Open-Sourcing My New Year's Resolutions

Every year, I make New Year's resolutions. I have done so for the past few years, but not until 2016 did I take them so seriously. In 2015, I used Trello to manage my projects by creating tasks in a to-do list format for things like working on this blog, side projects at work, and long-term bucket list goals, but after so many months of just appending tasks to a list, I became overwhelmed, under-motivated, and focused only on the things that were right in front of my eyes every day rather than the bigger picture of how I envision myself in 5-10 years. Granted, it's difficult to plan so far ahead, and in 2015, I did thoroughly analyze my long-term life goals, but at the end of what is now last year, I cleared all the tasks off my Trello board and organized them in Excel under some columns in categories that may appear familiar:

Dimensions of Wellness

These dimensions of wellness gave me a framework that answered a key question: "Why?"

As I ported my goals from Trello to Excel, I decided that if it wasn't benefitting me in some way, I would remove it from the list. I'll still read fiction because it satisfies me emotionally, but I no longer do hip hop dancing. It's kinesthetically confusing and I go to the club too infrequently to warrant such a time investment. All paralysis by analysis aside, I felt - once again - overwhelmed by my options and needed this blueprint as a guide. I felt compelled to simplify my resolutions and goals more, so I came up with four resolutions that served as a set of themes for 2016:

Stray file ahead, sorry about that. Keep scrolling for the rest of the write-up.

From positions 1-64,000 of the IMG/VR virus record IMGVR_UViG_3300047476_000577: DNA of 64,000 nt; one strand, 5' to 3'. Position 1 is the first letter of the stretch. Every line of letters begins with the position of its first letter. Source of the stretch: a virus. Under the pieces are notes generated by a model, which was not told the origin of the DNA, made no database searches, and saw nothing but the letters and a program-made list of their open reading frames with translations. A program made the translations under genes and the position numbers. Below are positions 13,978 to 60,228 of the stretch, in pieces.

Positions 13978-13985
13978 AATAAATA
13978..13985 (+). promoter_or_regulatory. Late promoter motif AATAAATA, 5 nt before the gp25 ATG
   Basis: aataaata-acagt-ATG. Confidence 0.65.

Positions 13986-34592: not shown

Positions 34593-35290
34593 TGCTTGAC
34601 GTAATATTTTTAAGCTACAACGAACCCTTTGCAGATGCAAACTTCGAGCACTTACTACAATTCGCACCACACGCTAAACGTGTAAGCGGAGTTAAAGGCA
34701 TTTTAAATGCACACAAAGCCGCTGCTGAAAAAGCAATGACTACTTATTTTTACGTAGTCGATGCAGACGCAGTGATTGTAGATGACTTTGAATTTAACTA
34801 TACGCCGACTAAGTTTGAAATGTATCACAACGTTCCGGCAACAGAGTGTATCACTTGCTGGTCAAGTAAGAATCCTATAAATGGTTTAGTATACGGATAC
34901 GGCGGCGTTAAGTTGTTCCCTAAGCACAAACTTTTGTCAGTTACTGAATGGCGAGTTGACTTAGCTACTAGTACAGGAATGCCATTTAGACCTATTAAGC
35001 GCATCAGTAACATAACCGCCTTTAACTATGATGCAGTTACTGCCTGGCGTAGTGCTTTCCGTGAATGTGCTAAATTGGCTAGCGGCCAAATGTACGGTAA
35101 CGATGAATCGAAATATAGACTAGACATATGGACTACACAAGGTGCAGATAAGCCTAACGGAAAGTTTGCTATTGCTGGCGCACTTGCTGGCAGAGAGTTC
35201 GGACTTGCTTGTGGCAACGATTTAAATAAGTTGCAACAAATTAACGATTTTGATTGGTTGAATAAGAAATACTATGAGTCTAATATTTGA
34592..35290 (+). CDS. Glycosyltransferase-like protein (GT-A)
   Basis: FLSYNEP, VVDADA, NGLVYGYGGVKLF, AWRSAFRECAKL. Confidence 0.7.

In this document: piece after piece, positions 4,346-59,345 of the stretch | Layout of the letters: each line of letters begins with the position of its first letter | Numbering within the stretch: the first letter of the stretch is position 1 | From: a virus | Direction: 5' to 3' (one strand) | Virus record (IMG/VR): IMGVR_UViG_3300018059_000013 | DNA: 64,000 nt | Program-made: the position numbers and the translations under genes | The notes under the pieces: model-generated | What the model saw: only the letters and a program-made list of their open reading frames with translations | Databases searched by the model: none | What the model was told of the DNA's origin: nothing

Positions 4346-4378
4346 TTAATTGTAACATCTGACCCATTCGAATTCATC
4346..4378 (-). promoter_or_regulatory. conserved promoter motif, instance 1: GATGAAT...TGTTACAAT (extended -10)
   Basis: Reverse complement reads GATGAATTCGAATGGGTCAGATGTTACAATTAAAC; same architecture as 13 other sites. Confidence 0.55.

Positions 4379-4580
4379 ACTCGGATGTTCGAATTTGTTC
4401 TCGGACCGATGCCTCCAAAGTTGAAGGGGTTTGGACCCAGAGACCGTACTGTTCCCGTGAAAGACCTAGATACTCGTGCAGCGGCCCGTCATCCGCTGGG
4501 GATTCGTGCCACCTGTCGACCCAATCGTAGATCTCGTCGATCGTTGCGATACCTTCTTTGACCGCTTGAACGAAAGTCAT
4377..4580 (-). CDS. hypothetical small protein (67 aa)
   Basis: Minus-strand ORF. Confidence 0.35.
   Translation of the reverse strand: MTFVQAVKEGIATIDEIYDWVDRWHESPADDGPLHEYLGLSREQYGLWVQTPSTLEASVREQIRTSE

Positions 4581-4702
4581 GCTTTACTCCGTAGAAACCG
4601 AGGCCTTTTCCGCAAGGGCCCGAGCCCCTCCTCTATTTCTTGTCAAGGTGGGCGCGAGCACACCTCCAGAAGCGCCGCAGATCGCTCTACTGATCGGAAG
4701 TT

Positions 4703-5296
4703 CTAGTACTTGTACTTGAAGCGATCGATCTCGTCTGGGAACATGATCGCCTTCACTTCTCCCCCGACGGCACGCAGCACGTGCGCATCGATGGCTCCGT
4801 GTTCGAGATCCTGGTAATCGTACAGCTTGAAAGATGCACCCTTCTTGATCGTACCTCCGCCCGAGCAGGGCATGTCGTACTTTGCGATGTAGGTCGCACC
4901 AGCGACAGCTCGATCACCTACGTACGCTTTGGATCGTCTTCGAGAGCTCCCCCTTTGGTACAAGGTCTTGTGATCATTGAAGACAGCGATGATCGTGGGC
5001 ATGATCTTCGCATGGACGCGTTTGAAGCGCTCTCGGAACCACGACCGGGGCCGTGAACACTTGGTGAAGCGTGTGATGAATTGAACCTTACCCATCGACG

These seemingly vague ambitions served as the four concrete pillars upon which I decided to construct my 2016 goals. Over many days, I removed goals/resolutions I had defined under their wellness categories and placed them in my weekly calendar: morning/evening routines, additions to my workout regimen, and day-to-day life. However, as I said in another blog post, there's a difference between goals and resolutions.

While a goal is something that is specific, measurable, and time-bound, resolutions are behavioral changes - and changing a single habit takes a long time. My morning routine has thus morphed from being a series of tasks - journaling daily, eating breakfast, etc. - to a list of daily reminders about how I want to change my behavior and the way I interact with friends and acquaintances in my day-to-day life. Is this reasonable? To me, yes. But why am I opening up my life so readily? Well, it goes back to a story I heard:

Thirty people are assembled in a room and each person is instructed to write his/her name on a red balloon. These balloons are then scattered around the room and the people are told to find the balloon with their respective names on it. Chaos ensues, and balloons are popped in a scattered frenzy. In an adjacent room, 30 other people are instructed to write on 30 other balloons but are told to help each other find their respective balloons. After the balloons are scattered, each person picks up the balloon closest to him/her and shouts out the name written on the balloon. After a series of complex but peaceful trades, everybody gets their balloons back.

Drawing upon the analogy in the story: I figure that if I share my goals and collaborate with my peers, they might help me achieve what I want to do, and maybe we can work together to do good things.